Happy Memorial Day, Portland. As you might have noticed, Jonathan and I will be serving up bike-related reporting for the next two weeks by way of a transcontinental tag-team. Let’s start things off with the national bike news that caught our eyes in the last week.
New York City’s long-awaited CitiBike sharing system launched today, and it’s the talk of the town and the bike world in general. With 14,000 annual memberships presold at about $100 apiece, it’s poised to be the biggest win yet for Portland-based Alta Bicycle Share, which operates the systems. Here are some interesting tidbits from this week’s coverage of CitiBike:
— The New York Times showed how the modern bikeshare system was invented in Paris, improved in London, priced in DC and built on station hardware from Montreal. In another piece, the paper reports that experts seem to agree that bikesharing will be remembered as the key achievement of Michael Bloomberg’s 12 years of transportation reforms. “If this is the playoffs, what’s the finals?” says Transportation Commissioner Janette Sadik-Khan. “As far as I’m concerned, we’re there.”
— The bikeshare-hating New York Post apparently assigned three reporters to this interview with a bike rental shop owner who’s worried he won’t be able to rent bikes to tourists for $30 per day if the rack just outside lets tourists pick them up for $10 per day. Also, a group of citizens is protesting NYC’s removal of a public art space to make room for a bikeshare station.
— Bikes are the subject of WNYC’s interview with NYC mayoral candidate Anthony Weiner, who once said he’d have ribbon cuttings to “tear out” bike lanes if he ever became mayor. Now, with polls saying that 60 percent of the population likes the lanes, Weiner says that was a joke. He also holds up his own new CitiBike key.
— If bikesharing is a new form of public transit, it’ll have to get used to being regulated like other public-sector enterprises. In These Times looks at whether Alta’s Capital Bikeshare is underpaying workers in Washington, DC.
— Boston Magazine looks at the bike helmet vending machines being introduced at some Alta bikesharing systems.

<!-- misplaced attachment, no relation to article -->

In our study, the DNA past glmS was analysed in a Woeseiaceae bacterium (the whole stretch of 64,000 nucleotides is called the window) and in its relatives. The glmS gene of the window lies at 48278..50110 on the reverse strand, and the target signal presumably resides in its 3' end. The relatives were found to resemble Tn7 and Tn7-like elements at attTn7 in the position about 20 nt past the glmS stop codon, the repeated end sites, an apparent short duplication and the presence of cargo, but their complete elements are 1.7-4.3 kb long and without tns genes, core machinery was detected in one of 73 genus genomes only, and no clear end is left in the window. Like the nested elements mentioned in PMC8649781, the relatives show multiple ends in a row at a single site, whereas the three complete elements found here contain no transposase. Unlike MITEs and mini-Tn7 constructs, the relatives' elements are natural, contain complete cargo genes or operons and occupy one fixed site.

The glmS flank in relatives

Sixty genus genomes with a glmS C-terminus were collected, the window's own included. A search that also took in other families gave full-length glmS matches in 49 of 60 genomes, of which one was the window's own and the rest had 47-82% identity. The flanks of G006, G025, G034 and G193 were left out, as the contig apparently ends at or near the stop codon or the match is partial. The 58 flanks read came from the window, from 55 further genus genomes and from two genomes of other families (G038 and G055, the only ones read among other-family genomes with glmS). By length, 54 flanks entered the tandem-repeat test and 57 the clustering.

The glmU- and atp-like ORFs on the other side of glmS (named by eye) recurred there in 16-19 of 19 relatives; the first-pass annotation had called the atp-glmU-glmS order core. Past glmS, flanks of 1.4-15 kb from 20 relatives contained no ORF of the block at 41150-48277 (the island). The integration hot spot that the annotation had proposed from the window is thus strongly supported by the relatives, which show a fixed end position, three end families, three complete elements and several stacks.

In other bike news:
— In California, the Gilroy Dispatch profiles Robert Egger, creative director of Specialized Bicycle Components, whose innovative designs are part of a mission to make his company “the Apple of the bicycle industry.”
— In Afghanistan, where riding a bike while female is usually seen as “a marker of promiscuity … on the cultural offenses index somewhere between driving and being spotted with an unrelated man,” a group of bike-loving Afghani women have launched a national women’s cycing team.
— In the Huffington Post, the former chief planner of Vancouver BC thinks cities can adjust to the growing desirability of urban neighborhoods by talking less about “preventing gentrification” and more about creating “shared neighborhoods” — sort of the way we talk about “compete streets.”
— Mainstream coverage of the recent Transportation for America report on the national decline in driving, especially among young people, continues to ripple. “The number of carless households could reach 10 percent this year or soon afterwards,” notes NBC News — and that doesn’t even include the fast-growing popularity of one-car households.
— Streetsblog DC has a Q&A with “one-woman media empire” Elly Blue, the Portland-based writer on bicycles and feminism and former managing editor here at BikePortland.
— The Portland Tribune has great news about Walgreens’ pick-up windows, following up on our report two weeks ago: “From now on Walgreens employees everywhere will be told to serve drive-up customers who are on bikes.”